Jan 192013
 

 

USS Guardian - thought the reef was eight nautical miles away

USS Guardian – thought the reef was eight nautical miles away

With a US Navy investigation underway to assess the circumstances surrounding the USS Guardian grounding that occurred in Philippine waters at 02.25 on 17 January local time there are lessons already to be learned: Charts are not infallible even if they are on screen and it is not wise to navigate to fine tolerances with the aid of GPS when the underlying data is less accurate than the GPS.

An inaccurate chart is not a defence – not bumping into bits of ground remains the master’s responsibility.

Much of the Philippine waters have not be surveyed for 50 years or more, an issue highlighted when the Greenpeace ship Rainbow Warrior also grounded on Tubbataha Reef in 2005. The chart in use showed the reef 1.5 miles from where it actually was.

The digital chart aboard USS Guardian, an Avenger-class mine countermeasures vessel, showed a position about eight nautical miles in error. At the time of the grounding the vessel was attempting passage through a channel just half that width.

Many Philippine charts have not been re-surveyed in some 80 years. Transferring this aged data to an electronic chart does not increase its accuracy. The current NGA chart for Tubbataha reef appears to be the 1986 edition, based on Philippine charts of 1975 and earlier.

According to a source in the Philippine Coastguard “With the 1940 or 42 charts by NAMRIA, there might really be a problem with  that’s why we are advised to at least have a difference of Three nautical miles from the shoreline, we have to assume that there is one nautical miles changes in the chart already”.

NAMRIA tells Maritime Accident Casebook that the last hydrographic and topographic survey covering Tubbataha Reef was conducted in 2006 using single beam echosounder for the hydrographic data, 2008 is the latest hydrographic survey using multibeam echosounders. The chart was first published last May 2009 and the reef is marked as a restricted area on current charts.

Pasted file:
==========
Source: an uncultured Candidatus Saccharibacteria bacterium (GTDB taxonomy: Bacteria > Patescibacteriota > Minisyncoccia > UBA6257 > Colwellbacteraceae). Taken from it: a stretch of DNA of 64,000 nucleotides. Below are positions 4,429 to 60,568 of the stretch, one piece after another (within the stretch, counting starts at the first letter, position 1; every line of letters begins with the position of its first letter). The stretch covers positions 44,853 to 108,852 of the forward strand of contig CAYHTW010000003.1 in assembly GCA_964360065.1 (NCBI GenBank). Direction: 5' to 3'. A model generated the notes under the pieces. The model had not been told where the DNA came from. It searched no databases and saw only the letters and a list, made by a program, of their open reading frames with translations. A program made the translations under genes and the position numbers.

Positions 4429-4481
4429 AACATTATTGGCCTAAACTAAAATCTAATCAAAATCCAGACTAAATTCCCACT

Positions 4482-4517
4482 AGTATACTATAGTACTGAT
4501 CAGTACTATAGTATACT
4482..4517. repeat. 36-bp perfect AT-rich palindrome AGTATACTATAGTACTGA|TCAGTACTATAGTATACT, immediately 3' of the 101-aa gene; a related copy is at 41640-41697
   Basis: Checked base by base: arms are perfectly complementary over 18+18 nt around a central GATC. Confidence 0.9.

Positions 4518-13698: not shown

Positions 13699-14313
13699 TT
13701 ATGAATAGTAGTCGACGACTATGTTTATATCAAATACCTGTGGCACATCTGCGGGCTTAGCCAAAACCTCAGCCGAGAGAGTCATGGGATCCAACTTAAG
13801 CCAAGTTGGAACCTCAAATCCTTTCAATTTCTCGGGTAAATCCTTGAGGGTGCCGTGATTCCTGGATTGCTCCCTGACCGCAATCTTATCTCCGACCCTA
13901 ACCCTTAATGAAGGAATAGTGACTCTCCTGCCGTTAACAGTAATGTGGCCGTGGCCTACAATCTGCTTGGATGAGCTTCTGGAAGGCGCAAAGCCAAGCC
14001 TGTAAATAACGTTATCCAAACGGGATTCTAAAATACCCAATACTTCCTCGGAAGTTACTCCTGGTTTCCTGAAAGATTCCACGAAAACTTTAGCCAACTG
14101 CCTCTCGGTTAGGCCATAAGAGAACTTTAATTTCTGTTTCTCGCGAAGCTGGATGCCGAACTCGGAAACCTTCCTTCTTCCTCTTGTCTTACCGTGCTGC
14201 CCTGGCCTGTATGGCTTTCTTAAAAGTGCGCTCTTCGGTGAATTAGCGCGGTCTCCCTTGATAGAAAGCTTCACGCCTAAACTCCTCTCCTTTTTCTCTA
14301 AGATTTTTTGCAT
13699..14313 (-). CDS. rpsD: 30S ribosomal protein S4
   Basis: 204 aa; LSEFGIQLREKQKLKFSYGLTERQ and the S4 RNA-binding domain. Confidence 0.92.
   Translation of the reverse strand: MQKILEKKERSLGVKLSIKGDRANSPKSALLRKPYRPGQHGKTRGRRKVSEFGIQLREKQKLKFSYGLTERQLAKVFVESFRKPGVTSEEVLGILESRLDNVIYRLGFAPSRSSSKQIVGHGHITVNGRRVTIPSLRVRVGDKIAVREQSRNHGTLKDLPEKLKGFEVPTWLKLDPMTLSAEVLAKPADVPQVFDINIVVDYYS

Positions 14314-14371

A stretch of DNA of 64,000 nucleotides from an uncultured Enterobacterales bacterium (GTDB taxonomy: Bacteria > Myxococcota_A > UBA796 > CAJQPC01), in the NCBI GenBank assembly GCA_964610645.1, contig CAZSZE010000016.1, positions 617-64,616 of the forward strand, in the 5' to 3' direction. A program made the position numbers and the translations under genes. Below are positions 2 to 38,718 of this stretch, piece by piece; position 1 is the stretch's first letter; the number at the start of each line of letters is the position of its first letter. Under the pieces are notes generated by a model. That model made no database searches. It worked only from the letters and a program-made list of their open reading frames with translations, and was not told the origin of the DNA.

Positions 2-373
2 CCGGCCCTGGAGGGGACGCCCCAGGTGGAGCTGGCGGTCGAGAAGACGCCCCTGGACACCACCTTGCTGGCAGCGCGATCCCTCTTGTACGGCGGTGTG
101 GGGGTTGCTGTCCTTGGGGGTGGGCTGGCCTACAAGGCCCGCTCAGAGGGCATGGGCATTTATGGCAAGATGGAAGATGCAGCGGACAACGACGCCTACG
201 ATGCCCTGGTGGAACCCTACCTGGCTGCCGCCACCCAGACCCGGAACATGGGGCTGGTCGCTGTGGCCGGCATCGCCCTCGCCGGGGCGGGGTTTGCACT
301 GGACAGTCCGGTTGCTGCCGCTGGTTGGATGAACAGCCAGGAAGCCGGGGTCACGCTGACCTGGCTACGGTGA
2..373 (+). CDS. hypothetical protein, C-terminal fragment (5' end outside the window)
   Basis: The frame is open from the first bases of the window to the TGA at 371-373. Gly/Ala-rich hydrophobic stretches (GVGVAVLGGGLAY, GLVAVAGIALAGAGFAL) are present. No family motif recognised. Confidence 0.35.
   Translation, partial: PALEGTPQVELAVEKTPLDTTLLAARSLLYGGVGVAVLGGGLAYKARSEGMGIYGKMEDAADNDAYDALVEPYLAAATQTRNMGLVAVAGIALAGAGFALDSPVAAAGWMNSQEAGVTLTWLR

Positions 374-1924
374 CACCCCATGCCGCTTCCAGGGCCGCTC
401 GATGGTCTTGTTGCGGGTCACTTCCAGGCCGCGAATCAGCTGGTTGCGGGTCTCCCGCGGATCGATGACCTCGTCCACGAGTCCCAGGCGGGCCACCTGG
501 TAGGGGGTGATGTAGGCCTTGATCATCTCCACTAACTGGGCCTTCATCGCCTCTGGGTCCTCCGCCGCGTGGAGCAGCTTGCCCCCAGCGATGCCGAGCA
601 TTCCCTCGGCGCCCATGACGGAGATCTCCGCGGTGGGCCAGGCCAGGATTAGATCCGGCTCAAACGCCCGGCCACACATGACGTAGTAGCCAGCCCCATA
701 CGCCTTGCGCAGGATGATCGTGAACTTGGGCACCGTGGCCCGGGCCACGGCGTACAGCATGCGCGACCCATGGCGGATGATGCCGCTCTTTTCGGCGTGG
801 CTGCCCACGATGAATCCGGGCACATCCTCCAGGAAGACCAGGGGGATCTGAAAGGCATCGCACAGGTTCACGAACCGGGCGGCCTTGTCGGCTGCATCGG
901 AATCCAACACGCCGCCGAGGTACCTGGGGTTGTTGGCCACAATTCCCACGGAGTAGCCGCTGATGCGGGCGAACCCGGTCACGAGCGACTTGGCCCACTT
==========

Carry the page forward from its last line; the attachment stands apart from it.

On Friday, 18 January, the US National Geospatial-Intelligence Agency, NGA provided the US Navy with preliminary findings of a review on Digital Nautical Charts (DNC) that contain inaccurate navigation data and may have been a factor in the Guardian grounding.

This followed the realisation by NGA that there might be a potential inaccuracy regarding the Tubbataha Reef digital chart. NGA has reviewed data from more than 150,000 square nautical miles in the surrounding area and found no additional errors.

The incident may also lead to a review of the $30m 2006 joint hydrographic survey agreement between the US Navy and the Philippines after nine years of negotiations. The project was to use advanced sonar technology to map shipping lanes, harbors, and ports throughout the Philippines. However an incident involving a Philippine Maritime Police Patrol vessel firing warning shots against a US Navy survey vessel in January 2008 led to US Navy surveys being restricted to within four nautical miles of the coast.

The project was expected to generate some $300m in commercial value.

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Sep 302010
 
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Mariners must be aware that on many charts still in use, a correction has to be applied to a satellite derived position referenced to WGS84 before the position is plotted on the chart, warns the latest issue of the London P&I Club’s Stoploss Bulletin.

Navigating officers should always check the charts for information about corrections that need to be applied to satellite derived positions when preparing a passage plan and alert the navigators to any existing corrections which are required before positions are plotted on the individual charts.

this issue is also emphasised by an incident in which a ship grounded as a result of total reliance on GPS, coupled with a failure to recognise that a significant correction had to be applied to GPS positions before they were plotted on the chart. During a coastal passage, a containership ran aground after a navigating officer commenced a significant alteration of course about half a mile before he reached the intended alter course position.

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Feb 252010
 
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Federal Kivalina aground

Bulk carrier Federal Kivalina ran aground at 0510 hours on 6 October 2008 at Årsundøya in Møre and Romsdal county, Norway, while under pilotage as the ship’s electrician analysed an alleged fault in the AIS. Norway’s Accident Investigation Board highlights bridge team management, passage planning and the master-pilot exchange as vectors in the incident.

After boarding the vessel the pilot tried to connect his laptop computer to the ship’s AIS using the pilot plug but failed and reported the problem to the master. The master called the ship’s electrician who attempted to locate the fault.

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